And I’ll never forget. We always took care of him, and he actually was pretty alone. He didn’t live too far from our office. And when he was dying, his partner had to work and everything. He had to earn the money. And so sometimes, either I or somebody from the office would go by his house at lunchtime just to make sure he had water and everything available. And I’ll never forget him when he died, his partner wasn’t sure. We were losing three people a week, just the two of us taking care of them in those early days. And so we couldn’t always be gone to see if somebody was dying or dead. And so I remember his roommate caller, he thought he was dead. He was pretty sure he was dead, and he had fixed him all up. But he wanted us to come and make sure, which we did. So we got up in the night, we went over there, and there he was, dead with the cat sitting on his chest. I’ll never forget that. I can still picture that, ’cause it was so sweet that his partner had fixed him all nice and everything in the bed.
I think he just wanted us to come and support him, which we did. We would go, we learned how to really—everybody, if they were dying, got our phone number, and we would talk them through their partner dying. Because there was no place to go. A nursing home wouldn’t take them, I mean, there was nobody for a lot of these people back in the mid- early ’80s, and I’ll never forget that one, because he was dead as could be with the cat sitting on him. Such a nice cat.
MS: That reminds me of kind of an awful story. One of the ones where we had this patient and he was very cachectic, just, it looked like somebody that came out of the concentration camp. It was maybe in the early ’90s, and home health nursing just started going into the home, and the nurse was coming to take care of ’em. The mother was there, and the guy, he died. And after the mortuary came and took his body, the nurse was telling the mother what she needed to do to clean up, and she said, “The sheets are soiled, so burn the sheets, and the mattress is also soiled. Do you have a way to burn the mattress?” And she said, “The cat, you have to cremate the cat.” And the mother called us and said, “Is this true?” And if it wasn’t so sad it would have been funny. But we just said, “No, you don’t have to burn any of that, just clean it, and certainly don’t get rid of the cat.”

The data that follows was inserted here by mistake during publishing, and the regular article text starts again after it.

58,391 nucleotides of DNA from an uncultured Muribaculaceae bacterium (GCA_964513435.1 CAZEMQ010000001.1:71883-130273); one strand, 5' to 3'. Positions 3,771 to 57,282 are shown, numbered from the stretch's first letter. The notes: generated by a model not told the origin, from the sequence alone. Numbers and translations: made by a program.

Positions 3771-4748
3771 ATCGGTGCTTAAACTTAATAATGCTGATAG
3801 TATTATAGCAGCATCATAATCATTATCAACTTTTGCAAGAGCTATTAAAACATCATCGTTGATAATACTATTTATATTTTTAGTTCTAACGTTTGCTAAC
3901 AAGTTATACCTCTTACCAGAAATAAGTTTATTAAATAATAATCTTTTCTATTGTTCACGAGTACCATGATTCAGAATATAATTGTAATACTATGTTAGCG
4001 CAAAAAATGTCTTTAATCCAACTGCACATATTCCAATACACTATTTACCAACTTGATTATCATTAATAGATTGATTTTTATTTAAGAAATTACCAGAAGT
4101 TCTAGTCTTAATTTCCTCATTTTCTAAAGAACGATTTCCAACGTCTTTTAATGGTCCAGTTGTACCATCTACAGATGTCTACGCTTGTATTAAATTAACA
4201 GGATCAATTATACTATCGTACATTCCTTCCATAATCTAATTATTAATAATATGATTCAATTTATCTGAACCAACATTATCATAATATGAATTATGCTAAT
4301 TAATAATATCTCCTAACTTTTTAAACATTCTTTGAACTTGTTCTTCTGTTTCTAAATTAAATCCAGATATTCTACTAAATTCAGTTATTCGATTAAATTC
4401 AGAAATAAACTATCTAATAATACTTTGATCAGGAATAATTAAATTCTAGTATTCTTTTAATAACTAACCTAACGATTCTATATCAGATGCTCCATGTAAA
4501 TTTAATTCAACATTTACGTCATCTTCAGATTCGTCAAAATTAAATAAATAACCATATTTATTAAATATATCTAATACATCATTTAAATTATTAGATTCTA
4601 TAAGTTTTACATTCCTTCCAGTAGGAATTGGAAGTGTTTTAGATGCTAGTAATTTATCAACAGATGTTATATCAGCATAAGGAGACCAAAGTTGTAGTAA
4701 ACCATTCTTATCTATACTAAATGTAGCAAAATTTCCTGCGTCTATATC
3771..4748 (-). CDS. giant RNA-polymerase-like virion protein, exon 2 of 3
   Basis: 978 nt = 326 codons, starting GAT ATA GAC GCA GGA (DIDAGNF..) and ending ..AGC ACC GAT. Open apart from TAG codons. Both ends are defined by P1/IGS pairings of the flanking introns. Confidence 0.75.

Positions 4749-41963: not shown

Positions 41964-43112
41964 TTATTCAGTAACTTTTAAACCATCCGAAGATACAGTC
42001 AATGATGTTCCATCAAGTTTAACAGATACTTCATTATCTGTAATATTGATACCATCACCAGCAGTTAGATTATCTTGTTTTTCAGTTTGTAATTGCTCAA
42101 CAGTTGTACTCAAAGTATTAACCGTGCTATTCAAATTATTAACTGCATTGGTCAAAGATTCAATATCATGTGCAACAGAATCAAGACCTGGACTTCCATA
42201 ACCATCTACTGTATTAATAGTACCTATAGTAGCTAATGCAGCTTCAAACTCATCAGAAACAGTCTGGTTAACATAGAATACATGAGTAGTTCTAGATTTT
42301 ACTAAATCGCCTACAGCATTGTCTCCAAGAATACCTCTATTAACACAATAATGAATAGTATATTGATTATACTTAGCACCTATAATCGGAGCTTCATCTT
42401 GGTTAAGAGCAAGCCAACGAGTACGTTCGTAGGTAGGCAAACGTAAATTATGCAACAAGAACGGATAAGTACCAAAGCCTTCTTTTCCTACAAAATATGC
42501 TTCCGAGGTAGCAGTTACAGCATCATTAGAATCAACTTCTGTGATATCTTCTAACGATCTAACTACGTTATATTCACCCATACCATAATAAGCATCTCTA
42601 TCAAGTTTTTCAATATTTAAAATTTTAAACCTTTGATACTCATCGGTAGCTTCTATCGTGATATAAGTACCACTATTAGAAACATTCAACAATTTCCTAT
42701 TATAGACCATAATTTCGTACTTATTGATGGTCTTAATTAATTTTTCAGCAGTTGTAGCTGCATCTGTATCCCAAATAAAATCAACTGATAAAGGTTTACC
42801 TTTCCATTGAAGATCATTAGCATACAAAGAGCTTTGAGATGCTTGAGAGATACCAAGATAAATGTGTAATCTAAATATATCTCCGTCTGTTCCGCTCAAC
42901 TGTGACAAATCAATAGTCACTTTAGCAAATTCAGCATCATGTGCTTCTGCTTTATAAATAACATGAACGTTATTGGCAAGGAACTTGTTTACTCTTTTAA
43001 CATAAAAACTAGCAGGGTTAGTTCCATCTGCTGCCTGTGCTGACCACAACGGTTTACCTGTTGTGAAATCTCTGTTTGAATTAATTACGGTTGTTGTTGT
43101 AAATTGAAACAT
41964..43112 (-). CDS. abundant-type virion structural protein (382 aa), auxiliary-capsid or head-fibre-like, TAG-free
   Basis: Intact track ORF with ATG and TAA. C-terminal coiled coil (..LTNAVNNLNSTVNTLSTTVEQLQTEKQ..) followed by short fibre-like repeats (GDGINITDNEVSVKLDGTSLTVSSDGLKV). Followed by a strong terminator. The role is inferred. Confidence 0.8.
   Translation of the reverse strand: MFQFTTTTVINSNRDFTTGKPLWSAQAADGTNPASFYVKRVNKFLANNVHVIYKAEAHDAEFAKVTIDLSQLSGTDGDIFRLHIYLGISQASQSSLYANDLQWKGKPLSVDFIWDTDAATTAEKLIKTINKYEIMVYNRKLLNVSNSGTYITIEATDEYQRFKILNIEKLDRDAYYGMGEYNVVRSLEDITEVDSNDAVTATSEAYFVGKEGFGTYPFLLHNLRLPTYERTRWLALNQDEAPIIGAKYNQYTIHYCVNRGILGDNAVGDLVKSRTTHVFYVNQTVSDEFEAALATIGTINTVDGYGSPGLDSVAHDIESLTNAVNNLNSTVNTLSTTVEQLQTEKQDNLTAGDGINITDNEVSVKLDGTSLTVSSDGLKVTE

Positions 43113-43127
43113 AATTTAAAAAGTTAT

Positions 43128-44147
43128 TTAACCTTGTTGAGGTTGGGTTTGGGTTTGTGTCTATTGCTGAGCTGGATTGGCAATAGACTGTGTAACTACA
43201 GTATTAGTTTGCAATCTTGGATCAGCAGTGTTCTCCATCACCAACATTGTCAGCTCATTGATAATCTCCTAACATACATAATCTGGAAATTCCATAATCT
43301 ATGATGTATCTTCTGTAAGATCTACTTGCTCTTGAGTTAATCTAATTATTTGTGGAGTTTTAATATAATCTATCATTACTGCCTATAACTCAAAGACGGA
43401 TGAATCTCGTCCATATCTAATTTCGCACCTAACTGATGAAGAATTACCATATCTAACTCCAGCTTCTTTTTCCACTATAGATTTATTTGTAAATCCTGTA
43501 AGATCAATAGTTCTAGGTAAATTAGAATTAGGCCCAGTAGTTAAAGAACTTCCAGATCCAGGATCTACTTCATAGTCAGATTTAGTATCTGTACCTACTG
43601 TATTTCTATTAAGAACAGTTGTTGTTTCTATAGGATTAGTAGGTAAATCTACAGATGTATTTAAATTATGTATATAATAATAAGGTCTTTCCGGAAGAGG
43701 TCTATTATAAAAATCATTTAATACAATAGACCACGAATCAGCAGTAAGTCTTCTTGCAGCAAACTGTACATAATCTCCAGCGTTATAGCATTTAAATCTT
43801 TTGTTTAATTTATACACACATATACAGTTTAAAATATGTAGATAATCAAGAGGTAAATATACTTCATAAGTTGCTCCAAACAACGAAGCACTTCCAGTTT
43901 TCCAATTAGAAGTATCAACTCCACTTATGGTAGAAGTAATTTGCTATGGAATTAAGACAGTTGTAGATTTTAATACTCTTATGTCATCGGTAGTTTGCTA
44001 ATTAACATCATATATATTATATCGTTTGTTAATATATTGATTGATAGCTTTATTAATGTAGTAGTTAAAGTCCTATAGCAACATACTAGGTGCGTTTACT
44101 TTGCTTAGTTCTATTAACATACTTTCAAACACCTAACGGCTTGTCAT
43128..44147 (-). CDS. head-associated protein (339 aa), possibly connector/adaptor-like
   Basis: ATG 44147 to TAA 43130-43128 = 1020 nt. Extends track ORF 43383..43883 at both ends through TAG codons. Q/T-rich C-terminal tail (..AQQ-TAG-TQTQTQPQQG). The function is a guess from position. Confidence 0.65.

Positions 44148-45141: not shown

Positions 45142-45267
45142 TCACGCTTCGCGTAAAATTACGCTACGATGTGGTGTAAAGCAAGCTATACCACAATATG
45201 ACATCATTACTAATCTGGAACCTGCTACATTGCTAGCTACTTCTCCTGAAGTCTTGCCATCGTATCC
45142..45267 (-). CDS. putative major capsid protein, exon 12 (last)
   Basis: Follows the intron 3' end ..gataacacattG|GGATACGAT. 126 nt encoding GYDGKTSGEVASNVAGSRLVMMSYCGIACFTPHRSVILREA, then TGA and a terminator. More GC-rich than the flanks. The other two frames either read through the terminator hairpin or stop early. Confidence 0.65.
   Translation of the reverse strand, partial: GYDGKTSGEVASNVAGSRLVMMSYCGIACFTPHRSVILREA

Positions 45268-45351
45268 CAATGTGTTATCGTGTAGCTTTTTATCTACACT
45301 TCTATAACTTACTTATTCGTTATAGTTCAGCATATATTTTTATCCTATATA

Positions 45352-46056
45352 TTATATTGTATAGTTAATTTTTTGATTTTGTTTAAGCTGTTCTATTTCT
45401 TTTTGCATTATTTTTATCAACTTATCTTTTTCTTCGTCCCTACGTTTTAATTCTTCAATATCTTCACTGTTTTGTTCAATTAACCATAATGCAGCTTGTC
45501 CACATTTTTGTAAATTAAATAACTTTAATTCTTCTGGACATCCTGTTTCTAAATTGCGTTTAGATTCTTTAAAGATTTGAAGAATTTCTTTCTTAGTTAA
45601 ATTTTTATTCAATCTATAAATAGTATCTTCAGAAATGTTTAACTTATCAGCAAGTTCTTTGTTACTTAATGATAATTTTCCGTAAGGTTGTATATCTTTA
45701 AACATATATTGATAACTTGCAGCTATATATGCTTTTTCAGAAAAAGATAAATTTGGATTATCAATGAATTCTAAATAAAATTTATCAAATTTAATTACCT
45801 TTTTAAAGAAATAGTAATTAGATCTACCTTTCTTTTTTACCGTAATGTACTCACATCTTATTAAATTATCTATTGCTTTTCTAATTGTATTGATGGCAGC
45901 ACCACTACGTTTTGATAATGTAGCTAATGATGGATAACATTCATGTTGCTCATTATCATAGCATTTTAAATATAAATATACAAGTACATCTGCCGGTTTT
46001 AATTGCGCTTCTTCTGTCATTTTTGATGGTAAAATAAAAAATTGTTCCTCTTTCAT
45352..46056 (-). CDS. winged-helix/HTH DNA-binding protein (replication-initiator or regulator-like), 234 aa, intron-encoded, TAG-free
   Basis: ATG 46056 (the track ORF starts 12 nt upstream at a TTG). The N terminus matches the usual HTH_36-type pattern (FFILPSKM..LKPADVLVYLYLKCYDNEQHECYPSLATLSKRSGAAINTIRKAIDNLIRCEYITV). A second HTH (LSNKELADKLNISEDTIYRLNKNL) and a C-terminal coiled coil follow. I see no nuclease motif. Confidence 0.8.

And in those years, people were saying get rid of your pets, because you might catch some kind of disease from them. And we always advocated for people to keep their pets, because they were so important to them, some form of unconditional love. And as long as we knew what kind of pets they had, if they got an infection, then we could put that in the diagnosis differential.
KR: And I’m actually speaking of all the talks—I must have given hundreds of talks—that was one of my talks, zoonosis and how to recognize it in AIDS patients. I went to a pet store, took pictures of all the animals, and had this nice talk for health care workers: Don’t have them get rid of the pets.
TW: I also remember people being concerned about, I think it was cryptosporidium from like the animal feces, and it was just a matter of, you know, get your roommate to clean the litter box for the cat, or wear a mask or something like that. But yeah, don’t get rid of your animals. They’re a source of support and comfort.
So, what are you most proud of from that time?
MS: I guess what I’m most proud of is that we did a job, and it happened to be taking care of people in a compassionate way.
TW: During this time, you two were considered experts in your community. Did you ever get called to testify on behalf of a piece of policy or correct a policy that was going to hurt people or anything like that happening in your community?
KR: I ended up going to court on several occasions. I’ve always went as an expert witness for the patient. For various cases. One was an adoption. And I’m very proud to say early on that the courts ruled in favor of our patient who had HIV, and this was in the mid-’80s, and they’re still alive. And they have adopted two children who are totally grown people, one is an actress, and one is a stage person in big-time things now.
The other one was a big case related to viaticals [when someone with a terminal disease sells their life insurance policy for cash], where they cheated a lot of old folks and sold them bad viaticals, ’cause they knew that the new drug had come out, and the [HIV] patients weren’t all going to die. And they cheated these old people, showing them all these viaticals from AIDS patients, and they won that case.
TW: So now that you both are retired, who takes care of people with HIV in the community?
MS: Everybody. It’s really mainstream. It’s come a long way. The place to go, though, I think is still the University of Utah if your insurance will pay for that. And they have case management. They have HIV physicians, PAs. It’s a designated infectious disease unit that sees HIV and other infectious diseases. But there are several other places where people can go to get HIV treatment. It’s really come a long way. It’s mainstream.
KR: And for the first time, the LDS Hospital is actually going to start an AIDS clinic now. They’ve never had one. We’ve had some people that we’ve trained over there over the years that see more and more patients, and they’re going to do that. And I think that’s a good thing. People aren’t afraid of it anymore.
MS: I think the issues are different now. Just like other issues in the medical system in terms of people getting their medicines, getting the right insurance so that their copays are affordable. You know, all those issues.
KR: I was just talking to one of the med people that sees a fair amount, who is dedicated, who is really trying to move things along, and they’re getting so many new patients now, with young teenagers. And apparently in speaking with her, there’s a huge problem with sex trafficking. I’ve heard about it here. It wasn’t big in our day as much that we knew of, but nowadays it’s a lot of sex trafficking and young teen gay men.
TW: Are you saying that specifically in Salt Lake City?